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The goal of the EE Leadership Honors Program is to provide engineering students with the skills to lead, innovate and commercialize technology in a global economy. We believe that engineering leaders must be deep and broad and adaptable.
 

Summary: The goal of the EE Leadership Honors Program is to provide engineering students with the skills to lead, innovate and
commercialize technology in a global economy. We believe that engineering leaders must be deep and broad and adaptable.
In today's market-based global economy, an engineering leader has to increasingly build upon technical expertise to drive
innovation. The growing numbers of engineers in countries with lower labor costs strongly suggests that the United States and
other developed nations must aim their graduates at positions that emphasize innovation and leadership. At the same time, the
problems that demand engineering solutions have changed, and engineering education must evolve in order to meet the new
requirements.
Until recently, engineering was a very vertical vocation, with aeronautical engineers designing and building airplane wings, civil
engineers designing bridges, and electrical engineers laying out circuit topology and creating software-based systems. Today's
innovative university programs incorporate real-world project experience, industrial partners, cross-disciplinary activities, and
entrepreneurship to develop graduates prepared for a competitive global marketplace. The USF EE Leadership Honors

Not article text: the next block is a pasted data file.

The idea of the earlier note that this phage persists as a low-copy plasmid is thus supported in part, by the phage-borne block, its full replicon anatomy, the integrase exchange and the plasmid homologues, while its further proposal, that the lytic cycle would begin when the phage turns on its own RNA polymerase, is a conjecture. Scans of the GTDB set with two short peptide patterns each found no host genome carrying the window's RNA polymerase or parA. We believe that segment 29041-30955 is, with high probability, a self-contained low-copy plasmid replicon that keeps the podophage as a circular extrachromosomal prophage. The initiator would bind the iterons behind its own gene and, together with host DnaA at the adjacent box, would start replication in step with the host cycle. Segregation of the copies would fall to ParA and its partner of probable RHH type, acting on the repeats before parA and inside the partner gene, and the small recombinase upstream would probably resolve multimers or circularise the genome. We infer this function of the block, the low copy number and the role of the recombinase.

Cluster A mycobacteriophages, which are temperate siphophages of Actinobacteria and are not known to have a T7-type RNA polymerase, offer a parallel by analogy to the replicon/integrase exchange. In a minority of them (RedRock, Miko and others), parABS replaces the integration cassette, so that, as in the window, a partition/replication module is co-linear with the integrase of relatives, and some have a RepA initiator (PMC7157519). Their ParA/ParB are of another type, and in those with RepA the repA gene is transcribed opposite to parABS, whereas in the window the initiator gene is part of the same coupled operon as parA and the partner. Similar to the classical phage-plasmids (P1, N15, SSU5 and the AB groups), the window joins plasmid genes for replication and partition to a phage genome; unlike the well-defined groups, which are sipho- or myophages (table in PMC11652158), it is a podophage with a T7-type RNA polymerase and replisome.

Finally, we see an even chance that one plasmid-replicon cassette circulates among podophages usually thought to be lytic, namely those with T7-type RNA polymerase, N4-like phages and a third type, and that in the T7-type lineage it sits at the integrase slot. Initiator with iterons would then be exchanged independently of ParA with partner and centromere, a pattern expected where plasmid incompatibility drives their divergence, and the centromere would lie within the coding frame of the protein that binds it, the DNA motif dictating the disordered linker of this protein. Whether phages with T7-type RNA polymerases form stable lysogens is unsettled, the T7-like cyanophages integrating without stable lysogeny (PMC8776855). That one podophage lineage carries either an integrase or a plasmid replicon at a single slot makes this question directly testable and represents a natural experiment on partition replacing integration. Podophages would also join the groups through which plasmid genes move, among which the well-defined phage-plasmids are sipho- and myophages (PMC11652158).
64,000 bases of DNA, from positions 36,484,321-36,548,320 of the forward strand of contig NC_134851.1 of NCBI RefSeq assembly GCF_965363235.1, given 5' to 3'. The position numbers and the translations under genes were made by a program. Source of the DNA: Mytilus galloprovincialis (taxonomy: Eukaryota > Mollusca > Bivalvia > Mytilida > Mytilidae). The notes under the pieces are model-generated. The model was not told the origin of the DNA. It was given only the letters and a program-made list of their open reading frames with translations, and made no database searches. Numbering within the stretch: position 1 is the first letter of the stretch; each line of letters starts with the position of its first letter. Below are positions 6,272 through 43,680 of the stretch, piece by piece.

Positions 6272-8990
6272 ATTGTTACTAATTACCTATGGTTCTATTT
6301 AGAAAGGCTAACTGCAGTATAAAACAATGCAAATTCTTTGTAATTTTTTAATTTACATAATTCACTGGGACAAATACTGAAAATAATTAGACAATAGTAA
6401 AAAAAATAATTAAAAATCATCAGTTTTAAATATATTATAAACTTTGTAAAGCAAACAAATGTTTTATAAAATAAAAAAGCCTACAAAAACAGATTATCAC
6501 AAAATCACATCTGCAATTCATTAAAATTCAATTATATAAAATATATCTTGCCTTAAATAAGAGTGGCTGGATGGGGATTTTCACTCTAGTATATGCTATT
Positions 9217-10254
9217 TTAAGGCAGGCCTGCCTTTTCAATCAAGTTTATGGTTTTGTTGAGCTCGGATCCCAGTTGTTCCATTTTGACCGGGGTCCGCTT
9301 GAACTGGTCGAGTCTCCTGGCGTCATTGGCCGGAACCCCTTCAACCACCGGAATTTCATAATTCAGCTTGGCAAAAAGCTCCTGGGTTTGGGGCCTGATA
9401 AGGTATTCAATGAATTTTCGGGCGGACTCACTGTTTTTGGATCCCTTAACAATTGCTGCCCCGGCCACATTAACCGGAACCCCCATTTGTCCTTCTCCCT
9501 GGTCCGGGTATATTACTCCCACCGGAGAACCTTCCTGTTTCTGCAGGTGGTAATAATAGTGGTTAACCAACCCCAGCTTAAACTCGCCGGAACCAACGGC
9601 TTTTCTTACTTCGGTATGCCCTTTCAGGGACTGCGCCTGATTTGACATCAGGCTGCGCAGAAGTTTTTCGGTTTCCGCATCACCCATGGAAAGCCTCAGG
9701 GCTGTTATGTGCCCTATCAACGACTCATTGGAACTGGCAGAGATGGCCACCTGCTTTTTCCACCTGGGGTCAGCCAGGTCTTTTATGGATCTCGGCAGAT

Program is such an innovative program.
The EE Leadership Honors Program, in partnership with industry, offers leadership courses, as well as forums by engineering
leaders from industry, government, military, and academia. The program focuses on ethics, end-to-end project planning and
execution to meet societal needs, team development and leadership, innovation, and the assessment of the potential impact of
new technologies. The leadership forums consist of a keynote presentation followed by an interactive panel discussion on
contemporary leadership topics relevant to engineering careers in industry and academia and provide a venue for engineering
leaders to share the lessons they have learned throughout their careers and for students to ask questions about the next steps in
their own careers. This kind of exposure gives students a reality check and a sense of the competitive landscape that they will
find themselves in upon graduation.

  

Source: Arslan, Hüseyin - Department of Electrical Engineering, University of South Florida

 

Collections: Engineering